The first genetic evidence that syndactyly in Apert syndrome is a keratinocyte growth factor receptor (KGFR)-mediated effect was provided by the observation of the correlation between KGFR expression in fibroblasts and severity of syndactyly. Patients with Ser252Trp and those with Pro 253Arg have different phenotypic expression. The syndactyly is more severe with Pro253Arg mutation for both hands and feet, like in this patients who has type III (“hoof or rosebud”) syndactyly in both the hands and feet, in contrast cleft palate is significantly more common with Ser252Trp mutation though our patient don’t have [18] .

Amblyopia and strabismus is more common in patients with the FGFR2 Ser252Trp mutation, and optic disc pallor is more frequent in patients with the FGFR2 Pro253Arg mutation. Patients with FGFR2 Ser252Trp mutation have a significantly greater prevalence of visual impairment compared with patients with the FGFR2 Pro253Arg mutation [19] .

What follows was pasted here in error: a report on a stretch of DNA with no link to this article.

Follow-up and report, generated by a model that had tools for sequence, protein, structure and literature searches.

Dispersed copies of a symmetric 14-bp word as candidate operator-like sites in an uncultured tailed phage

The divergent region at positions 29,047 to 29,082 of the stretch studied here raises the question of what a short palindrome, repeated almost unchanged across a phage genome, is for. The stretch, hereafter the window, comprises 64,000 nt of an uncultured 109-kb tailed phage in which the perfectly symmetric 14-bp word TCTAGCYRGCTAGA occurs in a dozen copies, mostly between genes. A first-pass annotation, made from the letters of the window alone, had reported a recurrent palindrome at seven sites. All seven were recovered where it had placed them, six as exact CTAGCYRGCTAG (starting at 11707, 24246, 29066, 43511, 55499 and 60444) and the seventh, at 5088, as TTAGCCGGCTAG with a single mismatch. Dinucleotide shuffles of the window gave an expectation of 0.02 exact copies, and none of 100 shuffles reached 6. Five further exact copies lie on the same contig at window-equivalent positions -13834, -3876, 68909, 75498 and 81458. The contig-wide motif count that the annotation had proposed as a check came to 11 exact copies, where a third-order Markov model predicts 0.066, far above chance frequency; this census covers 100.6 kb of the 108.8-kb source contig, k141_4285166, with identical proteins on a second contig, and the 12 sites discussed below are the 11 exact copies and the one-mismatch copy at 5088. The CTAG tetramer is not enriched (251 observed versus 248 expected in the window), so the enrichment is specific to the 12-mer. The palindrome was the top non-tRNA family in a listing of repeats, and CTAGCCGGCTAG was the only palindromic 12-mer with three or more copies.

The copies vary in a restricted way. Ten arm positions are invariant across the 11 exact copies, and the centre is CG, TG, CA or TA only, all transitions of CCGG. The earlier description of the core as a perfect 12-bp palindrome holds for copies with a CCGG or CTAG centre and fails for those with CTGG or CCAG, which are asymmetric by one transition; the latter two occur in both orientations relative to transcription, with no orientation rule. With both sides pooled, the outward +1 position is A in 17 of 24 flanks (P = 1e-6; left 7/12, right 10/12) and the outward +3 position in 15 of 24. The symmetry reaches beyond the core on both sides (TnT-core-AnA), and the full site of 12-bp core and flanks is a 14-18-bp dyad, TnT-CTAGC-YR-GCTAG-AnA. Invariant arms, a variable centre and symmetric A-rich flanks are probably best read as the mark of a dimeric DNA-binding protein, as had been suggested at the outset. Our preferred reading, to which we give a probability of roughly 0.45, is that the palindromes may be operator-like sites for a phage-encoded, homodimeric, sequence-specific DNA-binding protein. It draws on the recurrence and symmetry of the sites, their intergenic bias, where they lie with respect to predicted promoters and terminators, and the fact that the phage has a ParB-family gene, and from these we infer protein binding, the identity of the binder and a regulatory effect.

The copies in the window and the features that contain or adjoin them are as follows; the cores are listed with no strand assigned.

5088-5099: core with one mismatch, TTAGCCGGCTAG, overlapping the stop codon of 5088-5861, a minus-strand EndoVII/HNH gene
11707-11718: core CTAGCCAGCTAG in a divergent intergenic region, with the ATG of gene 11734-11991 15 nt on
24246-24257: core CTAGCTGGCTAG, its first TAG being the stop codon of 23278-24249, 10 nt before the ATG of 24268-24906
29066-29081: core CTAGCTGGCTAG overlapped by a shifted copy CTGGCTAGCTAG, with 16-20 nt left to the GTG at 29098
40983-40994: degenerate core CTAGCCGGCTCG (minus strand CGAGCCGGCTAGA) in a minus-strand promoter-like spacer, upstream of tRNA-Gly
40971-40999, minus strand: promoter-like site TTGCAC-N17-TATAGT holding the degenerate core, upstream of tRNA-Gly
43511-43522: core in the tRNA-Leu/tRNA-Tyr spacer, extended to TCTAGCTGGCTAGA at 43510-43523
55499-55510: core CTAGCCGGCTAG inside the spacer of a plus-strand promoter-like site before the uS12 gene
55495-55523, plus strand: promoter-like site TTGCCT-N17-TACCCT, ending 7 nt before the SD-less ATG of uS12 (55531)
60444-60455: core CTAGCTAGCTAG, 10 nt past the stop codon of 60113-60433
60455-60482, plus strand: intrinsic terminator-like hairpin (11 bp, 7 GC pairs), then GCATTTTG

The spectrum of abnormalities in Apert syndrome as described recently along with the recommendations for orthodontic treatment is wide [20] . Many of the characteristic facial features of Apert syndrome results from the premature fusion of the skull bones. The head is unable to grow normally, which leads to a sunken appearance in the middle of the face, bulging and wide-set eyes, a beaked nose, and an underdeveloped upper jaw (maxillary hypoplesia) leading to crowded teeth and other dental problems. This case is a neonate but will be monitored for evolution of these complications.